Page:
People hate downsizing out of their huge houses, research shows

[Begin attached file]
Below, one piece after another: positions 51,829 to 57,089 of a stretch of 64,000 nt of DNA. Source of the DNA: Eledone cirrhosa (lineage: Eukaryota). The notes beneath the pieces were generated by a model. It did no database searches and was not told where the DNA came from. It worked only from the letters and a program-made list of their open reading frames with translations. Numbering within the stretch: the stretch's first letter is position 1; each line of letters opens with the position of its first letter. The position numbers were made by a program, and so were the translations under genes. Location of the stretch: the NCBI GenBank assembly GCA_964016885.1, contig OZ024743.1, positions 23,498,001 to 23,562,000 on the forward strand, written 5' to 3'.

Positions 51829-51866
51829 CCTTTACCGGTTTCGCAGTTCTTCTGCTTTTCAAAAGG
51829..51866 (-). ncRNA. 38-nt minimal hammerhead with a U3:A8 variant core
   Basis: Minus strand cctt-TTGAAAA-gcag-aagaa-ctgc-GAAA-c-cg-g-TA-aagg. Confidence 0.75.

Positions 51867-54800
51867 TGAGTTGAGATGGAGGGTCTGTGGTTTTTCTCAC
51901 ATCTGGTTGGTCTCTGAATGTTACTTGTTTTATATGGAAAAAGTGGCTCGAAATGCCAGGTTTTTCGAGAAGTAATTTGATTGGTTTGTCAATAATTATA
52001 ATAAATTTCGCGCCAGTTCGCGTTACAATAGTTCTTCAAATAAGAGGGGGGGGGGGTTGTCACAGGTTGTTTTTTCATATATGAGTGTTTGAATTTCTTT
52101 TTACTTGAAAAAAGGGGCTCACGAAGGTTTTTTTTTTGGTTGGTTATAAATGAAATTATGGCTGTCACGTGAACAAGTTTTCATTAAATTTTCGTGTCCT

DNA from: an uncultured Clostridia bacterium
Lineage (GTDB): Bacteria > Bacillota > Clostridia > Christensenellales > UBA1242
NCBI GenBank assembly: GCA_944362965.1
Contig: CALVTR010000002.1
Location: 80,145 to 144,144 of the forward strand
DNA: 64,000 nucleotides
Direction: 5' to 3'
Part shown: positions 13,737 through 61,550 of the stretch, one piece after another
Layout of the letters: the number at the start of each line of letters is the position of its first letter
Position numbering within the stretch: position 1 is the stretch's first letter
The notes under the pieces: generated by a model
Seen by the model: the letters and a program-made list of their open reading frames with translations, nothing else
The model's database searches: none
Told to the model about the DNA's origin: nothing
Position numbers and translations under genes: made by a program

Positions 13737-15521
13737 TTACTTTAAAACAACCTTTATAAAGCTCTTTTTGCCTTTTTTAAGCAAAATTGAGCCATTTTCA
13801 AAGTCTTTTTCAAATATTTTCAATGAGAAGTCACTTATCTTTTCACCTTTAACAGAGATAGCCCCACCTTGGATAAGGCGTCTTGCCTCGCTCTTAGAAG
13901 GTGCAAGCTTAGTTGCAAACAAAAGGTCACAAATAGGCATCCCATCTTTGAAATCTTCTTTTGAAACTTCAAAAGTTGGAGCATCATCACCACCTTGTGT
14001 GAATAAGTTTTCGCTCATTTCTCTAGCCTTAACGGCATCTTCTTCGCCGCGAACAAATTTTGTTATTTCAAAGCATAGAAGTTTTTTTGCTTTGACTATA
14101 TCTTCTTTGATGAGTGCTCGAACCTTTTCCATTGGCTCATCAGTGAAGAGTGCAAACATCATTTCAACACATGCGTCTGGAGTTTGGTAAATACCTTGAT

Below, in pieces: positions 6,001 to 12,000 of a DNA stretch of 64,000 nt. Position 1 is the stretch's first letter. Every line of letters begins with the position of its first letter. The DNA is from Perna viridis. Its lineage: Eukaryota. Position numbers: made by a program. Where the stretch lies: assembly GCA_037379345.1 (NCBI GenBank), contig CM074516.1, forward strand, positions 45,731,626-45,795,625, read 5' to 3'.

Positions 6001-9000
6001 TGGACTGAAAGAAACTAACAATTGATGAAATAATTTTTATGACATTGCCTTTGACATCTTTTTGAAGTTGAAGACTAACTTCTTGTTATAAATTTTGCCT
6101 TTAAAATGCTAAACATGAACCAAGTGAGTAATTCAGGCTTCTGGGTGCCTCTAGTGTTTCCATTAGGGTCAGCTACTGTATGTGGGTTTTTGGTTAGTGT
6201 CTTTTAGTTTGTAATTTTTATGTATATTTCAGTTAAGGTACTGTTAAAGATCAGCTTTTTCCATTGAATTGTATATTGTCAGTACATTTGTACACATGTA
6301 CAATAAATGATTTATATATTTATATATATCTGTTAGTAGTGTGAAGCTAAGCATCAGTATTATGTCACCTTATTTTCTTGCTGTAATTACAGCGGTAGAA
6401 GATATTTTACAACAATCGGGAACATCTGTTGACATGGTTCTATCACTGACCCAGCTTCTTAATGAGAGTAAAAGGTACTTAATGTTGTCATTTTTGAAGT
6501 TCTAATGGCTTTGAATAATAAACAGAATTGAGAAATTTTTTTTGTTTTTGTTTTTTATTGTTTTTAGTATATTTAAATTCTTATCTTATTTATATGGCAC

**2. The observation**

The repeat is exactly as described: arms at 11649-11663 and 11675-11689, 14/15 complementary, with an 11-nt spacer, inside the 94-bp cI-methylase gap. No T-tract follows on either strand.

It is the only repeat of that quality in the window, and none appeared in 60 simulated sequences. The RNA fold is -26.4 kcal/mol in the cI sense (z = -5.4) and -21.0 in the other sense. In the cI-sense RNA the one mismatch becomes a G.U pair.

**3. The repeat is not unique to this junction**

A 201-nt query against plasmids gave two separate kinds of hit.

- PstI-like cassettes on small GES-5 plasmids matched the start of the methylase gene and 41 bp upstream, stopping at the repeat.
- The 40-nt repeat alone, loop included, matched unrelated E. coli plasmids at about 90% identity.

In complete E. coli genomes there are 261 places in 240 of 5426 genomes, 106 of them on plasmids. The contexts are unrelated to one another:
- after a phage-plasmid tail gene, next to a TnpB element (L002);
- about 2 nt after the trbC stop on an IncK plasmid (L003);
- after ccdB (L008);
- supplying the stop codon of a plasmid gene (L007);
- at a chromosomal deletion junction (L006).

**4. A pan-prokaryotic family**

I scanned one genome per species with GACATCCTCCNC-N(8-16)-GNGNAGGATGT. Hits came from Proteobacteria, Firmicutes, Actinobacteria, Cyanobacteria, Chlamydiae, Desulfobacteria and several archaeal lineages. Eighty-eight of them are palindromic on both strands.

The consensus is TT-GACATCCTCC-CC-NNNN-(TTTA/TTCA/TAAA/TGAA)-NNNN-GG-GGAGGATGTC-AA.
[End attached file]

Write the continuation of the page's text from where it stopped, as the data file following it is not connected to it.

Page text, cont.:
first_imgHome » News » Housing Market » People hate downsizing out of their huge houses, research shows previous nextHousing MarketPeople hate downsizing out of their huge houses, research showsEven if they don’t need the space, many owners of large homes are reluctant vendors, says My Home Move.The Negotiator16th August 20170806 Views Large family homes are very hard to leave – 43 per cent of UK homeowners experienced a sense of ‘sadness, grief or loss’ after moving house; while 83 per cent feel emotionally attached to their homes.New research from My Home Move found that 62 per cent of homeowners feel an immediate sense of ‘dread or nervousness’ at the thought of selling their home; a combination most acutely experienced by those aged 45+ (av.65.5 per cent).In comparison those aged 18 – 34 were the most ‘excited or happy’ at the thought of selling.Doug Crawford, CEO of My Home Move said, “There has been talk across the market, regarding the lack of stock and the need for people to downsize to free up family-sized homes. What hasn’t been discussed is the emotional attachment people have to their homes.“These buildings represent much more than bricks and mortar, they are the places where memories are made and hold enormous emotional value.A significant percentage of homeowners, especially regarding ‘downsizers’ have a sense of dread – and would rather stay put than face emotional upheaval.”Homeowners in Scotland and the South East are the most reluctant to sell their property, with both areas showing above national average percentages regarding ‘nervousness or dread’ (69.3 and 63.5 per cent).In comparison, homeowners in Wales are the most excited to sell their homes, within 23 per cent expressing this sentiment, closely followed by those in London, the North West, Northern Ireland and the East Midlands, which all rated over 20 per cent.property attachment downsizer shortage downsizing August 16, 2017The NegotiatorWhat’s your opinion? Cancel replyYou must be logged in to post a comment.Please note: This is a site for professional discussion. Comments will carry your full name and company.This site uses Akismet to reduce spam. Learn how your comment data is processed.Related articles BREAKING: Evictions paperwork must now include ‘breathing space’ scheme details30th April 2021 City dwellers most satisfied with where they live30th April 2021 Hong Kong remains most expensive city to rent with London in 4th place30th April 2021last_img read more